Why Scottish Broadcasting Matters – Part Sixteen – Brian McNair

When First Minister, Alex Salmond, launched his Scottish broadcasting commission, in August, The Guardian newspaper posed the question whether Scotland should get its own publically-funded TV and radio service. On one side of the debate, Alex Bell, said Yes. But, Brian McNair said No……

It’s 8am on Friday and I’m listening to the authoritative tones of James Naughtie on the Today show on Radio 4. At 9am, Kirsty Young will be soothing me with Desert Island Discs. I went to bed after laughing along to the networked comedy, Still Game, then spending a more serious half hour of Newsnight with Kirsty Wark, followed by Newsnight Scotland. At 5 o’clock this evening, I’ll be tuning into Radio 4 again for PM with Eddie Mair.

Everywhere I look and listen in British broadcasting, Scottishness abounds. As he announced a Scottish Broadcasting Commission, Alex Salmond talked about an “English Broadcasting Corporation”, which “marginalises our creative community” and “denies our talent the chance to be successful”.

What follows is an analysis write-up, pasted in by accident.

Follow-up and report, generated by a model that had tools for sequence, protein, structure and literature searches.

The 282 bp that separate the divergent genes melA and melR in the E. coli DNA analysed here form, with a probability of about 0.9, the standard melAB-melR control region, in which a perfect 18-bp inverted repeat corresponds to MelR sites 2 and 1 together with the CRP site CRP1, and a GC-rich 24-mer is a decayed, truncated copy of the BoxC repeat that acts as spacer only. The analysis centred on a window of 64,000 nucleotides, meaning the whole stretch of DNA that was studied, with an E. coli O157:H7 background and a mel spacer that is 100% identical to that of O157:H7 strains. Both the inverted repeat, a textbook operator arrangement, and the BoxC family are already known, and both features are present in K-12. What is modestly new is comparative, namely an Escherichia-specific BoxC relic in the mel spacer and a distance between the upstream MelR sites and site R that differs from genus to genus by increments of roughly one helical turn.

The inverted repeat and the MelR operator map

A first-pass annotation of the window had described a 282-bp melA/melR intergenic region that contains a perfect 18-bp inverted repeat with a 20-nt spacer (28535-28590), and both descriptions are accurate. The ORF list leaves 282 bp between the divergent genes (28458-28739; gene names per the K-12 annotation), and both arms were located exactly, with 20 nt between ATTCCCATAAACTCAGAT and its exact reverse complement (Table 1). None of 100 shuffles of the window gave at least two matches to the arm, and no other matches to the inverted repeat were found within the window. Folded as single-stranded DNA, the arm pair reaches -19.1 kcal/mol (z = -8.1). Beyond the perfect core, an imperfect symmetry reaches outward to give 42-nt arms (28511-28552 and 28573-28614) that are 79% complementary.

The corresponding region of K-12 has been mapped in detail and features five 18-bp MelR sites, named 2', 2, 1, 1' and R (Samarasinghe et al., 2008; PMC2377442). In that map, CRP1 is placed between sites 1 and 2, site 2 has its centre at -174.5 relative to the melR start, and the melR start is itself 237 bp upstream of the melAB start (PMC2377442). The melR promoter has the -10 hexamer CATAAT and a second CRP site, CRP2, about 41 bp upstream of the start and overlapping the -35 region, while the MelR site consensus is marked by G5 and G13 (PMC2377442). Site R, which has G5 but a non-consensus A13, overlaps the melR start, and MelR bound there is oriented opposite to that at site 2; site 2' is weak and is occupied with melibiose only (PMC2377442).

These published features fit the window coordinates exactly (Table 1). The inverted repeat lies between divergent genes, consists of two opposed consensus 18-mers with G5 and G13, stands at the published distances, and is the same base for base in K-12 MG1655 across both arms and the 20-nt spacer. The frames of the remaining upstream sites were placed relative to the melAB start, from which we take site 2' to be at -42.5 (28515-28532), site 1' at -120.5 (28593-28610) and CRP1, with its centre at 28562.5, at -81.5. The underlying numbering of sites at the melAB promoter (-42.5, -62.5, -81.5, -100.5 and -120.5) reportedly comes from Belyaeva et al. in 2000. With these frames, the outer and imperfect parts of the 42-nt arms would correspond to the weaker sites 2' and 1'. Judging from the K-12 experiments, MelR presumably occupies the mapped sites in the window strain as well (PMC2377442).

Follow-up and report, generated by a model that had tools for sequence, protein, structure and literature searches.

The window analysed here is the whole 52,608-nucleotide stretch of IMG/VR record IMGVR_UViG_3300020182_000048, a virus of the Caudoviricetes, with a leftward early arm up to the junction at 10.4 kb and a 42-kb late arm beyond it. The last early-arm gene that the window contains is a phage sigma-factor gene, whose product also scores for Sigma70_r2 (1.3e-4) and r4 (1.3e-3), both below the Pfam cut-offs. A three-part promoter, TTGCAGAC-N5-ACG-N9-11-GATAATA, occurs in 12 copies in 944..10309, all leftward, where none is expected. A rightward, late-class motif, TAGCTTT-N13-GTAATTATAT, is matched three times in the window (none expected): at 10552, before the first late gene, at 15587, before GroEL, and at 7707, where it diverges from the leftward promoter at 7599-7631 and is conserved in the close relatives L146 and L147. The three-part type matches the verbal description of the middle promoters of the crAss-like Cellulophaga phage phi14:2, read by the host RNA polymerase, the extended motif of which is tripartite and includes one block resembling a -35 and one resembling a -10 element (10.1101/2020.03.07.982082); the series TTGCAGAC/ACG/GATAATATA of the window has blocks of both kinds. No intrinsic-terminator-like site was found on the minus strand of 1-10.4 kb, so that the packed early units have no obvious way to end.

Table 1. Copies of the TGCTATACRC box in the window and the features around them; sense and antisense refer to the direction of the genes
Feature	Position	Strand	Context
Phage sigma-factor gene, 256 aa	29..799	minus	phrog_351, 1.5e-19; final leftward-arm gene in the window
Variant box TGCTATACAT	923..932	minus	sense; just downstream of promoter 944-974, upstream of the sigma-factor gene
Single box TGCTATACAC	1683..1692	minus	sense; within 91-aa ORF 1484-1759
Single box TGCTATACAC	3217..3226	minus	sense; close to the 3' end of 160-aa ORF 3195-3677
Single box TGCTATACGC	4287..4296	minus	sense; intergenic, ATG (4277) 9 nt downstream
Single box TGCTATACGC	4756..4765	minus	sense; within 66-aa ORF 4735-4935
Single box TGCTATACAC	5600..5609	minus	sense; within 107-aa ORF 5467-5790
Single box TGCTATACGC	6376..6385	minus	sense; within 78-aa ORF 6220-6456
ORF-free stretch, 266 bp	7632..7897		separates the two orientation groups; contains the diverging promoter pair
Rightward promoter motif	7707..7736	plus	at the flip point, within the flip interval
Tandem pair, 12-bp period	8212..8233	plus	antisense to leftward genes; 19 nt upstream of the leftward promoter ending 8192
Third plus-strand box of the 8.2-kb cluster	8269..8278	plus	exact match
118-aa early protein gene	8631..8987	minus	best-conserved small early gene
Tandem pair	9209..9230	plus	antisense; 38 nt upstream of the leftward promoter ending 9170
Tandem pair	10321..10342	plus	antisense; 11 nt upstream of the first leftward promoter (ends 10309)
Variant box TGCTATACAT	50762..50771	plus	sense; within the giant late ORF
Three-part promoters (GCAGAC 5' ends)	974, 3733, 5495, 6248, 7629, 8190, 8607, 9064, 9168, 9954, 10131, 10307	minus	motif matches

The debate about the future of Scottish broadcasting is an opening skirmish in the debate about independence which the SNP government has launched. The issue is straightforward. Is Scottish broadcasting stronger as part of a UK structure with access to the financial, cultural and human capital of 60 million people, or going it alone as an independent nation of five million? The SNP argues the latter, accusing the BBC of doing down the poor wee Scots, and stealing our rightful nine per cent of network spending.

It is, as we say up here, a pile a’ shite. Notwithstanding dips in its share of network commissions, Glasgow is still the third biggest producer of TV programmes in the UK, after London and Manchester. BBC Scotland has just moved into a